HL Deb 18 October 1999 vol 605 cc739-42

2.54 p.m.

Baroness Park of Monmouth

asked the Leader of the House:

What steps are to be taken and when to determine what privileges and facilities, if any, are to be accorded by the House to those hereditary peers who are to lose their right to speak, vote and enjoy the privileges hitherto available to them as Members of this House.

The Lord Privy Seal (Baroness Jay of Paddington)

My Lords, following the last meeting of the House's Offices Committee in July, the usual channels, in this case including the Cross Benchers, were charged with exploring this issue. They decided to consult the Library and Computers and Refreshment sub-committees. The results of those consultations will be discussed at the next meeting of the Offices Committee at the end of this month. I understand that the usual channels consider that the present House cannot make decisions about any arrangements which might affect the new House. That would certainly be the view of the Government.

Baroness Park on Monmouth

My Lords, I thank the noble Baroness for that reply. However, may I urge the Government and the committees concerned to reconsider? I do so first because it will be vital that the servants of the House—the Doorkeepers, the Attendants and so forth—should have clear briefing as to what is to happen once the change has been made. Secondly, I suggest that it is part of the honour of this House that it should be seen to treat honourably and not shabbily those who are leaving and who have served it and the country well. It is all very well to say that the matter might be considered in the next Session, but by then the time will have come and gone. I urge the Government to reconsider.

Furthermore, will the noble Baroness use this opportunity to correct press reports of remarks allegedly made by her at the Labour Party conference which, if they were truly reported—and they concern this matter—were, to say the least, graceless? I feel sure that as Leader of the whole House, she would never have spoken in that way. Will she now correct those reports?

Baroness Jay of Paddington

My Lords, I am afraid that in response to the noble Baroness's final point, I cannot correct what I do not know. As I have no personal recollection of referring to the Offices Committee, or to any matter which would be within its provenance, at the Labour Party conference, perhaps the noble Baroness has misread a press report or is incorrect in her assumptions.

Of course it is appropriate that the officers of this committee and people she refers to as "Doorkeepers and so forth" should be properly briefed on their responsibilities. I am sure that the people responsible for that—not myself, of course—will undertake to do so.

As regards the relevance of the Offices Committee to the decision, I reiterate what I said in my original Answer. This is a matter for the Offices Committee and the whole House. I understand, however, that the agreement is that the decision is for the next House.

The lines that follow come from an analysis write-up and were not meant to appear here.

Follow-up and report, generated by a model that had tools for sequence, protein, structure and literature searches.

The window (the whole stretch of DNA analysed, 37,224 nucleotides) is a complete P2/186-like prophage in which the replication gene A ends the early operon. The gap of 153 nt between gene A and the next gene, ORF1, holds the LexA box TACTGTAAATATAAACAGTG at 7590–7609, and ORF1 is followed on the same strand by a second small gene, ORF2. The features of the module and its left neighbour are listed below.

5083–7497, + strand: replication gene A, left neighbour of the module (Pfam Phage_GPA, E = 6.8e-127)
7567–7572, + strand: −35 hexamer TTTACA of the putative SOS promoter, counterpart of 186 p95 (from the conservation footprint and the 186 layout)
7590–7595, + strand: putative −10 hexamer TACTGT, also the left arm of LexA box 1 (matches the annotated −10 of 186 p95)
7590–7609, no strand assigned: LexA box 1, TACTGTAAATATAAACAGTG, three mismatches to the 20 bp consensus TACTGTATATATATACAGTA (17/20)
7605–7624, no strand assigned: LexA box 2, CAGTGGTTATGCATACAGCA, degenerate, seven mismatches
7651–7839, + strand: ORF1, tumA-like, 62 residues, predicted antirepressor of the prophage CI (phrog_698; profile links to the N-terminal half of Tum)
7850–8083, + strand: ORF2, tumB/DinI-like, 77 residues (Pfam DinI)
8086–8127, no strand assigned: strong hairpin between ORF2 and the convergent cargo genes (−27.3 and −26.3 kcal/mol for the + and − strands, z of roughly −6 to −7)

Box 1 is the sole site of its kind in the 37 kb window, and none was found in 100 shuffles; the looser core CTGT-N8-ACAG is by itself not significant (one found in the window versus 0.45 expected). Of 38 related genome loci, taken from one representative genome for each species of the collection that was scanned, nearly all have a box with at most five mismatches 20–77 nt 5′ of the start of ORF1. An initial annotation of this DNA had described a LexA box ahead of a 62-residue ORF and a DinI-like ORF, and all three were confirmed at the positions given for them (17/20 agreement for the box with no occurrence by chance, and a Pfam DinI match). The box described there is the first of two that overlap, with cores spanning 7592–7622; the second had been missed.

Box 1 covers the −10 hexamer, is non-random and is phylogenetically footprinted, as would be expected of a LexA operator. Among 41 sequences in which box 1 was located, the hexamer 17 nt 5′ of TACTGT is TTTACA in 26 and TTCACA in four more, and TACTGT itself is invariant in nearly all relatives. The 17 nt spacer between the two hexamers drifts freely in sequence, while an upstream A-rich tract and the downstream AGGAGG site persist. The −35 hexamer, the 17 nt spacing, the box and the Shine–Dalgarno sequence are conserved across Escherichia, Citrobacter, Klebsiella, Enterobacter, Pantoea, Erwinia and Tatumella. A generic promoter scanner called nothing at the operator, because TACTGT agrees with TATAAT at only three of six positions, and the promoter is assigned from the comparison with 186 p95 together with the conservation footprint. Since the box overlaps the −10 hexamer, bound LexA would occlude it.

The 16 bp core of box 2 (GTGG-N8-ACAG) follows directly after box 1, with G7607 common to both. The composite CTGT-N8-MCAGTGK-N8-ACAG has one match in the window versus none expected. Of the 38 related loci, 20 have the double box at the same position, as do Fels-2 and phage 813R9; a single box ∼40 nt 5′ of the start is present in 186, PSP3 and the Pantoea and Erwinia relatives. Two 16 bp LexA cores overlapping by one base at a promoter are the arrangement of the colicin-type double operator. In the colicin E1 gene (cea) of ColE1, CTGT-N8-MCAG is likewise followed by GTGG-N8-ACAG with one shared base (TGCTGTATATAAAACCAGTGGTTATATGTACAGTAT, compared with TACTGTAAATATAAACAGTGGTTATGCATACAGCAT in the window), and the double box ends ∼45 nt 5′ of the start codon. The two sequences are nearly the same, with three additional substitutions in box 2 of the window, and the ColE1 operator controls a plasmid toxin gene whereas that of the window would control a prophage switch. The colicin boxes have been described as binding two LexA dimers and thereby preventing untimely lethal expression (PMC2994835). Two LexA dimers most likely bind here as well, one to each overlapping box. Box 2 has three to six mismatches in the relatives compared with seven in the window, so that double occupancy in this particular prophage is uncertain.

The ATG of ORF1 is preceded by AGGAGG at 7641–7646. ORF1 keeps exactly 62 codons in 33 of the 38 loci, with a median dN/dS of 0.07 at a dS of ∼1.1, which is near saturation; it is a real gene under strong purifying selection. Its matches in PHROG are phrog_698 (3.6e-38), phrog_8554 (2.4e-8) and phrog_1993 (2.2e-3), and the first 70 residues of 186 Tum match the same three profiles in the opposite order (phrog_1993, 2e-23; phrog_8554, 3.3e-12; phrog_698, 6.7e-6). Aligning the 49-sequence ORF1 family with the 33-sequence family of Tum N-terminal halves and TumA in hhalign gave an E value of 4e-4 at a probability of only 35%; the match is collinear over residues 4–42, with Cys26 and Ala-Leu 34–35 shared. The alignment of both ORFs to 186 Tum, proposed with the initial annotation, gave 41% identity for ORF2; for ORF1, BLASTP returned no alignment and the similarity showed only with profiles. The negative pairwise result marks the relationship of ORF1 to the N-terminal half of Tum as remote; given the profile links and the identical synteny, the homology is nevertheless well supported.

The Earl of Listowel

My Lords, will the noble Baroness recognise the relevance of Hamlet's words of his father: Die two months ago, and not forgotten yet? Then there's hope a great man's memory may outlive his life half a year"; or King Lear's words to his daughters: How sharper than a serpent's tooth it is To have a thankless child!"?

Baroness Jay of Paddington

My Lords, no, I do not recognise the relevance of that. I am sure that individual hereditary Peers who have given great service to this House, which has been acknowledged, would not wish to be remembered necessarily in terms of their club privileges in this House. Their contributions have been substantial and not relevant to those matters.

Lord Dormand of Easington

My Lords, will my noble friend confirm that at no time before the House considered the Lords reform Bill and during the passage of that Bill did the Government commit themselves to anything of the nature contained in the Question? Indeed, a number of amendments to the Bill were considered and rejected, if not by this House, certainly by the other place. Does my noble friend not consider that to give such a privilege to people who are not Members of Parliament that is, not Members of this House—would be ludicrous and make a mockery of this House?

Baroness Jay of Paddington

My Lords, as I am sure my noble friend would agree, we spent many hours, during both Committee and Report stages of the Bill in this House, on matters which, as the Government constantly said in replying to amendments, were matters for the House and for its committees rather than matters for an Act of Parliament. We have consistently taken that position on the question of the relevance of club privileges to membership of this House. I am sure that my noble friend will not be surprised to hear me reiterate the point I made many times during our debates on the Bill that this is indeed a legislature, not a club.